Badakhshan Province is one of the 34 provinces of Afghanistan, located in the farthest northeastern part of the country between Tajikistan and northern Pakistan. It shares a 56.5-mile border with China. It is part of a broader historical Badakhshan region; the province contains 22 to 28 districts, over 1,200 villages, 904,700 people. Feyzabad serves as the provincial capital. Badakhshan is bordered by Gorno-Badakhshan Autonomous Province and Khatlon Province in Tajikistan to the north and east. In the east of the province a long spur called the Wakhan Corridor extends above northern Pakistan's Chitral and Northern Areas to a border with China; the province has a total area of 44,059 square kilometres, most of, occupied by the Hindu Kush and Pamir mountain ranges. Badakhshan was a stopover on the ancient Silk Road trading path, China has shown great interest in the province after the fall of the Taliban, helping to reconstruct roads and infrastructure. According to the World Wildlife Fund, Badakhshan contains temperate grasslands and shrublands, as well as Gissaro-Alai open woodlands along the Pamir River.
Common plants found in these areas include pistachio, walnut, apple and sagebrush. Montane grasslands and shrublands are existent in the province, with the Hindu Kush alpine meadow in the high mountains in the northern and southwestern regions; the Wakhan corridor contains two montane grassland and shrubland regions: the Karakoram-West Tibetan Plateau alpine steppe and in the Pamir Mountains and Kuh-e Safed Khers in Darwaz region. South of Fayzabad the terrain becomes dominated by xeric shrublands. Common vegetation includes thorny bushes, zizyphus and Amygdatus. Paropamisus xeric woodlands can be found in central areas. Common vegetation includes almond, pistachio and sea-buckthorn; the area has a long history like the rest of Afghanistan, dating to its conquering by the Achaemenid Empire and beyond. Badakhshan etymologically derives from an official title; the suffix of the name, -ān, means the region belonged to someone with the title badaxš. The territory was ruled by the Uzbek Khanate of Bukhara between the early 16th century and the mid-18th century.
It was given to Ahmad Shah Durrani by Murad Beg of Bukhara after a treaty of friendship was reached in or about 1750 and became part of the Durrani Empire. It was ruled by the Durranis followed by the Barakzai dynasty, was untouched by the British during the three Anglo-Afghan wars that were fought in the 19th and 20th centuries, it remained peaceful for about 100 years until the 1980s Soviet–Afghan War at which point the Mujahideen began a rebellion against the central Afghan government. During the 1990s, much of the area was controlled by forces loyal to Burhanuddin Rabbani and Ahmad Shah Massoud, who were de facto the national government until 1996. Badakhshan was the only province that the Taliban did not conquer during their rule from 1996 to 2001. However, during the course of the wars a non-Taliban Islamic emirate was established in Badakhshan by Mawlawi Shariqi, paralleling the Islamic Revolutionary State of Afghanistan in neighboring Nuristan. Rabbani, a Badakhshan native, Massoud, were the last remnants of the anti-Taliban Northern Alliance during the peak of Taliban control in 2001.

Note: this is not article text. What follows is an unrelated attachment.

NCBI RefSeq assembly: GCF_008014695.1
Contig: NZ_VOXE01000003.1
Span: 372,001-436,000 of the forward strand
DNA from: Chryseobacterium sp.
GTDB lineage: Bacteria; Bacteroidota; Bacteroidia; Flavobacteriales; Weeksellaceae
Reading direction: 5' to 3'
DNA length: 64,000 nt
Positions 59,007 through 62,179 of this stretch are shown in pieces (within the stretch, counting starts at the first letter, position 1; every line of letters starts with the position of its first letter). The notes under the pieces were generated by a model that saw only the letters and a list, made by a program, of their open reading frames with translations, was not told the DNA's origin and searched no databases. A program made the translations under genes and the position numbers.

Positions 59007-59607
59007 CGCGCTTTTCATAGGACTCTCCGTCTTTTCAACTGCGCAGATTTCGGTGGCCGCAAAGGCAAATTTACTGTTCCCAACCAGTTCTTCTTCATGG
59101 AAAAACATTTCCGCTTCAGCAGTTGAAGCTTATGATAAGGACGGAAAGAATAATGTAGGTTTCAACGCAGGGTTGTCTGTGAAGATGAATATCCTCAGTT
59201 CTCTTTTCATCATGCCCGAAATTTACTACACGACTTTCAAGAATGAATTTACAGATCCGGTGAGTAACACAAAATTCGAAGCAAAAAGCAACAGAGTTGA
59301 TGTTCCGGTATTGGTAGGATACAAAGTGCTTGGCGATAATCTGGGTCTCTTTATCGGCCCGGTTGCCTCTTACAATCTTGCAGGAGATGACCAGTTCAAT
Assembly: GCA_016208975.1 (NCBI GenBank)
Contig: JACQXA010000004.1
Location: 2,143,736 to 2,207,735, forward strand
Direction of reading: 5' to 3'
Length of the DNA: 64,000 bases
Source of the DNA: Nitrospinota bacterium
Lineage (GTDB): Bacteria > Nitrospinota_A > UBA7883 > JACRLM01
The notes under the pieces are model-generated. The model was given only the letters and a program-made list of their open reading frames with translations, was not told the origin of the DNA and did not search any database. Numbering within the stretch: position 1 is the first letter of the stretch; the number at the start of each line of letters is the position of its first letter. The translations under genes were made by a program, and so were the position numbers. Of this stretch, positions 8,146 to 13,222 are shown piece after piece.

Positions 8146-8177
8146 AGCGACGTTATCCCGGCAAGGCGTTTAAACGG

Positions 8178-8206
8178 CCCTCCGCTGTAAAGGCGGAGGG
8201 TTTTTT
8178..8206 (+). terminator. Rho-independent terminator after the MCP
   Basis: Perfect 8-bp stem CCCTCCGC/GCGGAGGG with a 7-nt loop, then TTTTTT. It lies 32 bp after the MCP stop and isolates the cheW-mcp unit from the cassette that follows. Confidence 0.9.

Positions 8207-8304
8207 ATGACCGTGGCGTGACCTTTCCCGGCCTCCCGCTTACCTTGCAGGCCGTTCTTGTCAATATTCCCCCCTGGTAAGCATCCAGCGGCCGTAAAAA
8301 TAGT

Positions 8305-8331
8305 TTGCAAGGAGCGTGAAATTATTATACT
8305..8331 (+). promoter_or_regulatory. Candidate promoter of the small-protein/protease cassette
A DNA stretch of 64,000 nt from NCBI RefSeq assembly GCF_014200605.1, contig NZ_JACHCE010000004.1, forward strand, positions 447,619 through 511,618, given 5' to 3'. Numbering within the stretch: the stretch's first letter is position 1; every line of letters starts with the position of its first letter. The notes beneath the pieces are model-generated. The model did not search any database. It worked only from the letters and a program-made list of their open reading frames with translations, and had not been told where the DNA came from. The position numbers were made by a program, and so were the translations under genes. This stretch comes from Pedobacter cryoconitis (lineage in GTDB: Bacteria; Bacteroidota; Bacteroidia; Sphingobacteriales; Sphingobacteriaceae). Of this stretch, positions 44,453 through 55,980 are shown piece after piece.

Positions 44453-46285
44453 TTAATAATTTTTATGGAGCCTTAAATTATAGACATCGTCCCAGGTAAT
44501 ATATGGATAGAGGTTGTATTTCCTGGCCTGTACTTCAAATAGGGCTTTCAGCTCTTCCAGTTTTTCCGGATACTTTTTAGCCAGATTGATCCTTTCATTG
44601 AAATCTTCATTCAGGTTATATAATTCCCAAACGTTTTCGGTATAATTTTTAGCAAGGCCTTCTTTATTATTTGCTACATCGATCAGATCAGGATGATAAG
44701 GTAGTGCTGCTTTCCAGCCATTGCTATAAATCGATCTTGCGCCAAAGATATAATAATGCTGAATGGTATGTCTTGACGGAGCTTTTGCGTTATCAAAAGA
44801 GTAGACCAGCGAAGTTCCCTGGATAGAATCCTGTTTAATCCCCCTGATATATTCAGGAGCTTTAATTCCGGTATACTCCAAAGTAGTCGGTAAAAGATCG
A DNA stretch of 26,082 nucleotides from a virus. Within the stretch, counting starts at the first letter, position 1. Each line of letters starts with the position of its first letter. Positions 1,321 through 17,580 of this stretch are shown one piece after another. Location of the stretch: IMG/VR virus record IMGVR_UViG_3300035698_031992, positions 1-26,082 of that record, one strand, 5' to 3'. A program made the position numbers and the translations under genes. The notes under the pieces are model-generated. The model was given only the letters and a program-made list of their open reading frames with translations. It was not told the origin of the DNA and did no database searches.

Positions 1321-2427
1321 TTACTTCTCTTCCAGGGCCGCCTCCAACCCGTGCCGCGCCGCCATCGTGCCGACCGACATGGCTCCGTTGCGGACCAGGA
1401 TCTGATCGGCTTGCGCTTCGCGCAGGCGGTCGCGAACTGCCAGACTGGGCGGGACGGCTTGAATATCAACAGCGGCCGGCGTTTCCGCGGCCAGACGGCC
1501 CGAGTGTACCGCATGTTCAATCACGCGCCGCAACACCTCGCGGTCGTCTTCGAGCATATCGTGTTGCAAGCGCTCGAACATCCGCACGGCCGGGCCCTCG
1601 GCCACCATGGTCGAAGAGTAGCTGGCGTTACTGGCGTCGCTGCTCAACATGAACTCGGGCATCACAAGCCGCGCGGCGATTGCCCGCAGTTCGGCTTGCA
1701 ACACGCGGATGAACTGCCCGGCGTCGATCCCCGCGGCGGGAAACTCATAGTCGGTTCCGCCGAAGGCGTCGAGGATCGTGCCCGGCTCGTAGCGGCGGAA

Badakhshan was thus one of the few provinces of the country that witnessed little insurgency in the Afghan wars - however during the 2010s Taliban insurgents managed to attack and take control of several districts in the province. On 26 October 2015, the 7.5 Mw Hindu Kush earthquake shook northern Afghanistan with a maximum Mercalli intensity of VIII. This earthquake destroyed 30,000 homes, left several hundred dead, more than 1,700 injured; the current Governor of the province is Shah Waliullah Adeeb. His predecessors were Baz Mohammad Ahmadi; the borders with neighboring Tajikistan and Pakistan are monitored by the Afghan Border Police. All law enforcement activities throughout the province are handled by the Afghan National Police. A provincial Police Chief is assigned to lead both the ANP and the ABP; the Police Chief represents the Ministry of the Interior in Kabul. The ANP is backed by the military, including the NATO-led forces. Fayzabad, the capital of Badakhshan province, sits on the Kokcha River and has an approximate population of 50,000.
The chief commercial and administrative center of northeast Afghanistan and the Pamir region, Fayzabad has rice and flour mills. Fayzabad Airport serves the province with regular direct flights to Kabul; the percentage of households with clean drinking water increased from 13% in 2005 to 21% in 2011. The percentage of births attended to by a skilled birth attendant increased from 1.5% in 2003 to 2% in 2011. The overall literacy rate fell from 31% in 2005 to 26% in 2011; the overall net enrolment rate increased from 46% in 2005 to 68% in 2011. Despite massive mineral reserves, Badakhshan is one of the most destitute areas in the world. Opium poppy growing is the only real source of income in the province and Badakhshan has one of the highest rates of maternal mortality in the world, due to the complete lack of health infrastructure, inaccessible locations, bitter winters of the province. BORNA Institute of Higher Education being the first private university located on the bank of Kokcha river. Lapis lazuli has been mined in the Sar-e-Sang mines, located in the Kuran wa Munjan District of Badakhshan, for over 6,000 years.
The mines were the largest and most well-known source in ancient times. Most recent